A natural part of growth is more. More employees. More customers. More workplaces. So it makes sense that the same goes for your physical workplace security. The more you scale, the more your physical security must be able to keep up with the pace. Aligning your physical security to scale alongside your business takes work. You must set up systems and processes that can grow with you and your workforce. This might be onboarding and training programs for security teams across different office locations. It could also be security playbooks like this one that you roll out at new facilities when you open them. Technology also plays a crucial role in enabling scalability. The days of installing one physical security solution in individual workplaces are long gone. Nowadays, a workplace platform can help you monitor security in every location, all the time. That means that when you open new offices, change, or downsize, you’ll still have everything secured in one, centralized system.

The right technology

There are hundreds of technologies out there to ensure the physical security of your business. And while it’s impossible to implement every piece of security tech out there, it is important to choose the right tech for your organization. Here are three important tools to secure your organization and provide you with the safety measures you need to keep your employees, offices, and assets secure.

1. Access control

Access control is a security feature that keeps your workplaces and employees safe. You’ve likely interacted with access control before. It can come in different forms, such as badges, QR codes, facial recognition, or touch ID. Access control is permission of entry. Whether that’s a device, restaurant, or workplace, access control is an important feature of security. For workplaces, access control allows you to control who enters your workplace and with what level of permission. For example, if you have a contractor coming onsite to fix some office doors, you can permit entry and provide “guest” access throughout the building. Access control provides you with peace of mind that the right people are in your workplace at all times, and your employees and property are always protected.

2. Visitor registration

Employees are back at work, and visitor traffic is up by 84% in the last year alone. With such a spike in people in your workplace again, it’s important to keep track of who enters and leaves your building. Track, screen, and report who comes into your workplace with visitor management software. This allows you to get visibility on who’s onsite and when. To avoid security breaches, you can use your visitor registration solution to screen people before they get to your office. Features like blocklists and ID verification help notify teams if an uninvited guest tries to sign-in. Utilize your visitor registration solution to keep everyone onsite safe and create a great visitor experience for folks who visit your workplace. An ultimate security win.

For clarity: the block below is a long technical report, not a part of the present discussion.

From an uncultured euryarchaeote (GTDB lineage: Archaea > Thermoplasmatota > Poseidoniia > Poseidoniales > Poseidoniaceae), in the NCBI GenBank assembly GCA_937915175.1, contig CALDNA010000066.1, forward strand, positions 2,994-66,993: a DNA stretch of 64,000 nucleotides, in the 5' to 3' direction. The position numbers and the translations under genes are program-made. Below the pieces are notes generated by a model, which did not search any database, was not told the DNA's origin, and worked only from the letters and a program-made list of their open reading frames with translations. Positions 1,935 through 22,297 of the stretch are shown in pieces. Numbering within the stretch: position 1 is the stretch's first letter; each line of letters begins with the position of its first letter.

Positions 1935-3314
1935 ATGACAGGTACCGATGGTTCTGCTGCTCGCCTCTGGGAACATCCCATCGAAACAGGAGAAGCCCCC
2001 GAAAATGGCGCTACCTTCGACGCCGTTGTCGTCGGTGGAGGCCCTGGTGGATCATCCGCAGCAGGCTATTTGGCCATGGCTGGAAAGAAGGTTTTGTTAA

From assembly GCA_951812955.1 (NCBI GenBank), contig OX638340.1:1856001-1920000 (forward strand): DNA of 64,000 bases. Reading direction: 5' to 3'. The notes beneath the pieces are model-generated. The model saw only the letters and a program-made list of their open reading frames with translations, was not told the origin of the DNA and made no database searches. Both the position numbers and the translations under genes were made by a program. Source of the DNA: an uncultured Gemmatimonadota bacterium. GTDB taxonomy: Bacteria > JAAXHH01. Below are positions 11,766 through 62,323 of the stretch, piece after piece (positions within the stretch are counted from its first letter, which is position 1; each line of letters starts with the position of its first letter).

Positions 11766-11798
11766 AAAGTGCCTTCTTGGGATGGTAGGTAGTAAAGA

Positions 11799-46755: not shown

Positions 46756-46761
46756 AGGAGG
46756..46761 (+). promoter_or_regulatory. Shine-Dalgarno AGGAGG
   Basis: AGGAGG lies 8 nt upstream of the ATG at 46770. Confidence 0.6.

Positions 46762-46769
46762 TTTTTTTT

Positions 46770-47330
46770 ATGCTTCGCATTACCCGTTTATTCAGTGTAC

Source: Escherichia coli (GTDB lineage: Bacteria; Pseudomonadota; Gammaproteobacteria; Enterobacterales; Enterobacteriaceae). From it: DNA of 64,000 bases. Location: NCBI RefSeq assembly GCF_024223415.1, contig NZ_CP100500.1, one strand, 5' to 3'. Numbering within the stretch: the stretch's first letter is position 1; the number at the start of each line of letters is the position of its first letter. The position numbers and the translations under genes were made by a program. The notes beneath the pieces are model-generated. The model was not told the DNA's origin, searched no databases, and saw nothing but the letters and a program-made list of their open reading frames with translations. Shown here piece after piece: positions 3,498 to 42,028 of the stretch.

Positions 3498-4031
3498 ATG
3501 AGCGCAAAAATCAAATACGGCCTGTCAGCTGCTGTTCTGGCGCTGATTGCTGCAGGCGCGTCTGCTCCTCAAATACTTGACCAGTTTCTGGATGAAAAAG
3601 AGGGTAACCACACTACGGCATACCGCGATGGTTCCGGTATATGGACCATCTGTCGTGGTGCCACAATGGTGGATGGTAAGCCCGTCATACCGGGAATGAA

3. Surveillance and alarms

In a digital age, surveillance and alarms are critical to your overall security system. Surveillance can be used to detect intruders and deter them. Alarms are critical for alerting you and authorities in case of an emergency.Make sure you consistently update your security cameras with the latest software and hardware upgrades. This will capture clear images of your office at all times of the day and during all weather conditions. If you want to go one step further, you can upgrade your security cameras to have facial recognition, allowing you to rely on technology to identify anyone that could be a threat.


Automation offers a host of benefits to organizations–particularly through a workplace security lens. It keeps organizations safe and competitive. Automation allows businesses to streamline processes and improve the efficiency of their security programs at scale. Automation also saves businesses money. In fact, security automation can save organizations more than 80% of the cost they would normally spend on manual security!Automation also generates alerts during events or incidents, in real time. For example, if a visitor supplies the wrong documents, your visitor registration system will automatically flag this and alert your workplace manager. If someone opens a door without the right authorization, you can automatically trigger an alarm to alert security personnel. Automation saves you time and is a key component in how technology can uplevel your physical workplace security. –Ensuring the physical security of your workplace is a significant endeavor. But it's not one you have to undergo alone. Start by working with your security assessment team. Evaluate your strengths and vulnerabilities. Map out how you'll improve in the future. Then focus on those areas as you head into 2023. Remember, it's not only about having the right technology to protect your property, people, and assets. It's also about having tools and processes that will scale and save you time.

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Amy Kirkham
Amy Kirkham

Amy is a content creator and storyteller at Envoy, where she helps workplace leaders build a workplace their people will love. Outside of work, you can usually find Amy exploring new places, planning her next trip, or enjoying a coffee and croissant in her favorite cafe.